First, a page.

Heights and weights of parents and their children were obtained during a 2-hour clinic visit. Measurements were made by trained staff using a direct read portable stadiometer (Shorr Productions, Olney, MD) for height and an electronic scale/body composition analyzer (Tanita TBF-200A; Tanita Corporation of America, Inc., Arlington Heights, IL) for weight. For the adolescents, age and gender specific BMI% were calculated using the 2000 CDC growth charts http://www.cdc.gov/growthcharts/percentile_data_files.htm.
Parents of adolescent participants completed a survey that included questions regarding the highest education level attained for all adults in the home. In addition, parents reported whether or not the child in the study received free or reduced price school lunch (yes/no), an indicator of family income. Parents also reported the number of adults (≥18 years old) and children in the home. Adolescents reported their age (in years) and their race/ethnicity.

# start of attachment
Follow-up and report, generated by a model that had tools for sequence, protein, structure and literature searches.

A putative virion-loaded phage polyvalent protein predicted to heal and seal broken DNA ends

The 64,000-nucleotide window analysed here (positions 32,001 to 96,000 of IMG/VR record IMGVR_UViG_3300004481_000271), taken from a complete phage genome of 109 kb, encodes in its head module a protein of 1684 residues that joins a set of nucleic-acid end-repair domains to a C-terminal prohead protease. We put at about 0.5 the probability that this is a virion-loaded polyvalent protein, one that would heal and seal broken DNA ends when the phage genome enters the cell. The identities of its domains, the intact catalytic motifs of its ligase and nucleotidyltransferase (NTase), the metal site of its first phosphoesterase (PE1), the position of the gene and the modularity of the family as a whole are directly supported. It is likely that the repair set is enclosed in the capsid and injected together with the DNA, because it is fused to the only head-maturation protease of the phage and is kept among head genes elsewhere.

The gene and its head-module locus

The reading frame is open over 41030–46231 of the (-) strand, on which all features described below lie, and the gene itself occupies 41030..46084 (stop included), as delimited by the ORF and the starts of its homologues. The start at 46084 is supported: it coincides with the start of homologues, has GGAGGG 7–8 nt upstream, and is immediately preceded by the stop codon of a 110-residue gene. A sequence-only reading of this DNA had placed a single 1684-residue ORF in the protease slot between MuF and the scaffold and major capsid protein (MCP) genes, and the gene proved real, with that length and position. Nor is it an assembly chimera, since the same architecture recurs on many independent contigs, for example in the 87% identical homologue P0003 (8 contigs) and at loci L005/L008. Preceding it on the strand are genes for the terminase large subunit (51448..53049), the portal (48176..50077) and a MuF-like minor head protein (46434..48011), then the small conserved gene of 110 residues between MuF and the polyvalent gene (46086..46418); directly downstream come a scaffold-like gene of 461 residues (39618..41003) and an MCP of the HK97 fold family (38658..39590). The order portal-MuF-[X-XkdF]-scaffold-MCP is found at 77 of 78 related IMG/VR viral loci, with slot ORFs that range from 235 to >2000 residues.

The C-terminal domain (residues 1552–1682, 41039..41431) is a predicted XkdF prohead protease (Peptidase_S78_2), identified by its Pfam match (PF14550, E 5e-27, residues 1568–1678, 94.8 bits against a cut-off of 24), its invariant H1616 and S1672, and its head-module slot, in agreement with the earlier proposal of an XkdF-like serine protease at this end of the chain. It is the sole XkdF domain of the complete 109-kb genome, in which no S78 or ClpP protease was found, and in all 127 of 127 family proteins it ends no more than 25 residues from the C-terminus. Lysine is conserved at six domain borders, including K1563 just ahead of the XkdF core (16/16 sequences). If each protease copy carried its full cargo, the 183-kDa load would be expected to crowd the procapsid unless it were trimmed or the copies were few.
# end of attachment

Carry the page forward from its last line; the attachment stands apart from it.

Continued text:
Baseline data from the IDEA (2006-2007) and ECHO (2007-2008) studies were included in these analyses. All analyses were conducted with SAS version 9.1 (Cary, NC). Since boys are typically more active than similarly-aged girls and since the associations between the home environment and activity may be gender specific, the sample was stratified by gender and analyses were performed separately. Means (standard deviations) and percents were calculated to describe the sample and the distribution of values for the dependent and independent variables. Pearson correlation coefficients were calculated to determine bivariate associations between home environment variables (from the PAMI) and MVPA, SED, and screen time. Non-normally distributed variables were log transformed to more closely represent a normal distribution. If the distribution remained non-normal after the transformation, Spearman correlation coefficients were calculated using the non-transformed values. Home environment variables that were associated with MVPA, SED, or screen time behavior at the P ≤ 0.05 level were included in the multivariable general estimating equation (GEE) models. Participants sampled from the same school may appear to be more similar than those from other schools. GEE regression models were used to account for these contextual effects and clustering within our sample, although the interpretation of these coefficients is the same as for standard linear regression coefficients. These models included age, race/ethnicity, highest level of parent education, FRPL status, number of people in the home, parent BMI, month of data collection (to control for seasonal effects on activity and accessibility of some equipment items), and gender, and also examined possible gender interactions with PAMI variables. The GEE models also accounted for clustering at the school level since a number of students shared similar school environments. Finally, we also included the study (TREC IDEA or ECHO) as a fixed effect to account for possible sample differences due to different recruitment methods.